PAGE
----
After a San Jose divorce, many couples struggle to decide what to do with the home they shared. Even when there’s an agreement on who gets to keep the house, mortgage-related issues can pose a problem.
You might be surprised to learn that mortgage companies are not bound by the terms of your divorce agreement. They do not have to take your spouse off the mortgage just because you’re ending your marriage. If you want to keep the marital home, you’ll likely need to refinance the loan in your name only.
Credit score issues are common among those looking to refinance when they no longer have a spouse to help pull up their score. Lower credit scores equal higher interest rates, although scores below 660 will have difficulty obtaining a refinance at all.
Refinancing can be also be problematic if you have a jumbo loan. Jumbo mortgages are defined as loans above the government backed limits of $417,000 for most areas and $625,000 in select high-price neighborhoods. When refinancing a jumbo mortgage, your income matters as much as your net worth. You must have a maximum 43% debt to income ratio, but alimony and child support payments must be received for at least 12 months before your lender will accept them as reliable income. Non qualified mortgages have a little more flexibility with debt to income ratios, but not all lenders offer these types of loans.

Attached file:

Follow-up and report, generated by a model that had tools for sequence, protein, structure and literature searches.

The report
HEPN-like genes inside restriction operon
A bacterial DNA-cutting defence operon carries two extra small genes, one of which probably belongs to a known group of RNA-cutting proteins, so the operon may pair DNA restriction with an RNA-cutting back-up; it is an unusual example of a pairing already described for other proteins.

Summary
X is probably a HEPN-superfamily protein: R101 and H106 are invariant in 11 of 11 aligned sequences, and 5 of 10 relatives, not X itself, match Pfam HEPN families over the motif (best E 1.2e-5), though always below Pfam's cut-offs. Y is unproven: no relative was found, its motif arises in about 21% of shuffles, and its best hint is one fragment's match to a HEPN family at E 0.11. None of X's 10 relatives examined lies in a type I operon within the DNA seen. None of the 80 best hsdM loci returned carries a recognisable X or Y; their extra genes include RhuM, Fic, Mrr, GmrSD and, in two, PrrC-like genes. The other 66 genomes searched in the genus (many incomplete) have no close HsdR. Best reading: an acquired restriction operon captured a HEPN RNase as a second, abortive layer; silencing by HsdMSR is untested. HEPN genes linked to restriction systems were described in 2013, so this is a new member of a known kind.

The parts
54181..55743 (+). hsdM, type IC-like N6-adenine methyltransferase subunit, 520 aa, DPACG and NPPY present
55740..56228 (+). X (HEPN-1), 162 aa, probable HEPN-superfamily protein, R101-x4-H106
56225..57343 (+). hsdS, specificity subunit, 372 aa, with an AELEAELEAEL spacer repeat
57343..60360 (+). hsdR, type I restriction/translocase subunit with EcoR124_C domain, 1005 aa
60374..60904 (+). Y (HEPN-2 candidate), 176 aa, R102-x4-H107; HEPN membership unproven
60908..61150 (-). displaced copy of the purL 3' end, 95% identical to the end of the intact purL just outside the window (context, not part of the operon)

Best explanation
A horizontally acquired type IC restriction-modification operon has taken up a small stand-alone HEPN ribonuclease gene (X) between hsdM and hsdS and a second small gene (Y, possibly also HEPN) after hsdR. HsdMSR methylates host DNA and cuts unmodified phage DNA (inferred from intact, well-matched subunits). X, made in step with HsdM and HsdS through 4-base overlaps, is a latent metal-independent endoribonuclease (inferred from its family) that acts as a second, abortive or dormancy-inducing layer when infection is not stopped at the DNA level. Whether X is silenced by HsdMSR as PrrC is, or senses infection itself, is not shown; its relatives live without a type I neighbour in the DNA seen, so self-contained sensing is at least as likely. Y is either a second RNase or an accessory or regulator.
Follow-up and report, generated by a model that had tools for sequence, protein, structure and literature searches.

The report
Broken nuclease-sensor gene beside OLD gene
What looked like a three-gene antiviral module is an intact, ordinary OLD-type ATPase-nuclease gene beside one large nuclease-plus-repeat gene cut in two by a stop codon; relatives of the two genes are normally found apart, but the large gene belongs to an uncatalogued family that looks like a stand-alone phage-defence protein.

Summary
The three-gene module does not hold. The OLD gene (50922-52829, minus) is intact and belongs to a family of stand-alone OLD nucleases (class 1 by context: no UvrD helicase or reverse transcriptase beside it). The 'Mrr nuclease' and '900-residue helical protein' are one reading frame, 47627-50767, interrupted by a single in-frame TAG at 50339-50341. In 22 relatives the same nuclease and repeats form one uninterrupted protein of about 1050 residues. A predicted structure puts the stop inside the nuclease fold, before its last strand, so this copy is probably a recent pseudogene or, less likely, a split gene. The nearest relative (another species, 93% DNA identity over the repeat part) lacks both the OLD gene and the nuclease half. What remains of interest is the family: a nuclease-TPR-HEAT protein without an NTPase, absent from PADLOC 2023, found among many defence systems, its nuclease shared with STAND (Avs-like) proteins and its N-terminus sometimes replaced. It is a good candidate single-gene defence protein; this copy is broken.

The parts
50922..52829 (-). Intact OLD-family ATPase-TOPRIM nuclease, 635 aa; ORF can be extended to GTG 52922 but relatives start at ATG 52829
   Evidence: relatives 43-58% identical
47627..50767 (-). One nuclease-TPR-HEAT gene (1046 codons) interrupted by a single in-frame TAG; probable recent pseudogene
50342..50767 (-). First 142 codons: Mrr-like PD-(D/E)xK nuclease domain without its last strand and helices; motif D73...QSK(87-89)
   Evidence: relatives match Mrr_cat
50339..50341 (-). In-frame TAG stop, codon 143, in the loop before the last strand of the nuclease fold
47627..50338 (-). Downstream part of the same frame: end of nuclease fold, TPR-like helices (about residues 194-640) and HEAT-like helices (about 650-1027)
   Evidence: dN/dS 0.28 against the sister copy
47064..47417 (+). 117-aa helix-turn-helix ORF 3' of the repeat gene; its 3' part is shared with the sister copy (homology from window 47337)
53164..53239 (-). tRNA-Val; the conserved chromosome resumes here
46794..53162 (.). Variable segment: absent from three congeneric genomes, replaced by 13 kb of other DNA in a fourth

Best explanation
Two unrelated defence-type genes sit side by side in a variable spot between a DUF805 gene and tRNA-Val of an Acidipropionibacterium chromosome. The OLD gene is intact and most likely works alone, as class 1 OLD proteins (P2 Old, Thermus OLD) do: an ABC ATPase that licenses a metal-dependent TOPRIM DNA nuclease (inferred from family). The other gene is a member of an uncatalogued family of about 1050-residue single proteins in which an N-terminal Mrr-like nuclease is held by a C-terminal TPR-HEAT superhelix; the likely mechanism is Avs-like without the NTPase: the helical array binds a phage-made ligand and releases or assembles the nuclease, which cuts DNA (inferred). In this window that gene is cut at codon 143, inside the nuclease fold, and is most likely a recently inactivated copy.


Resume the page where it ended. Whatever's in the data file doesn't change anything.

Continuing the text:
If you’re worried about your ability to refinance, cashing in martial assets to come up with a higher down payment can be helpful because it will reduce your overall loan amount. You may also want to see if your spouse will agree to stay on the mortgage temporarily until you can get your finances in order. This prevents you from being forced to sell the home, although the mortgage will continue to appear on your spouse’s credit report until the loan is refinanced.
To learn more about your options regarding possession of the marital home, contact an experienced San Jose divorce attorney.